CM . . .
. Volume XIV Number 5 . . . . October 26, 2007
This activity collection, which was developed in response to violence in schools and the surrounding community, including bullying, certainly fits with teachers and schools staffs that are interested in helping students live peacefully in a very violent world. Students are bombarded daily with images and sounds in the media that bring war and violence to their daily attention. This curriculum book and the support that comes with it are a perfect anecdote to the ethos of “might makes right.” The activities offer structures that engage “talk” about the meaning of peace and activities that allow students to practice peace. Although the activities can be easily infused into Language Arts and Social Studies curriculum, they could also become the focus of an integrated or interdisciplinary unit.
In the forward, Rick Lewis a counselor and teacher, summarizes the value of this book:
I agree. The book contains 30 easily implementable activities outlined by month. Suggestions for beginning the program are outlined, and dozens of supporting websites are provided. Each activity is stand-alone but placed together can create a year-long, school wide program. There are also options and ideas for adapting to different grade levels. Some example lessons are:
- International Day of Peace, Sept. 21
- Give Peace a Dance
- Gossip-Free Day
- Say Boo to Bullying (in October)
- Gifts form the Heart
- A Recipe for Diversity
- Random Acts of Kindness
- Pay it Forward
- International Earth Day
- Seeds of Peace
- Kites for Peace
- Celebrate Families
Included is a CD, lyrics, and sheet music for the theme song of the program, The Right Thing To Do. It was written by John Berkmortel as a gift to the Peaceful Schools International. An outline of this support organization’s principles, benefits of membership, and how to become a member are included at the end. The criteria for membership are outlined and are a useful focus for organizing a school community interested in “promoting healthy relationships in the school setting. A collaborative approach to school-based decision-making. Curricular and/or extracurricular peace education initiatives. Teaching methods that stress participation, co-operation, problem-solving, and respect for differences. Student- and community-centred conflict resolution strategies such as peer mediation. Community service projects. Professional development opportunities for all staff focused on creating a positive school climate.”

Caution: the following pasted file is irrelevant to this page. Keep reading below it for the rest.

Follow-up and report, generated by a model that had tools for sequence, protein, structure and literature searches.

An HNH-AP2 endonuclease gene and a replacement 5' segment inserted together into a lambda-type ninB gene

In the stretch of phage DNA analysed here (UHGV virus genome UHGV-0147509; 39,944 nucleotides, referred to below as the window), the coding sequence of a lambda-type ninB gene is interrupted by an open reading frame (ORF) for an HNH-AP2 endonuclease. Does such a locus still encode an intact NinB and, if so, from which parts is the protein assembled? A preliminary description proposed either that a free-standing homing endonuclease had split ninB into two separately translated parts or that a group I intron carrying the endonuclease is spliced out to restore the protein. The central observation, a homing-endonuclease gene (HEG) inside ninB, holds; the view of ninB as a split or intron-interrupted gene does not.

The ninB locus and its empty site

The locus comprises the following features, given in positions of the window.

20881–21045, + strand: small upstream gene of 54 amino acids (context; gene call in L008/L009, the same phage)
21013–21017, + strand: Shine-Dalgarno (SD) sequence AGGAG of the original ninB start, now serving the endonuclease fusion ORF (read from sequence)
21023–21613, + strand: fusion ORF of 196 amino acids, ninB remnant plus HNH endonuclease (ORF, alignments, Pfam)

Hetty van Gurp, the founder of the Peaceful Schools International (based in Annapolis Royal, NS), suggests that education peace initiatives require a prerequisite will for change:
This engaging book, at a modest price, will help you and your colleagues get started.
Gary Babiuk, a middle school teacher and administrator for 23 years, is currently an assistant professor in Early and Middle Years Social Studies at the Faculty of Education, the University of Manitoba.
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Copyright © the Manitoba Library Association. Reproduction for personal use is permitted only if this copyright notice is maintained. Any other reproduction is prohibited without permission.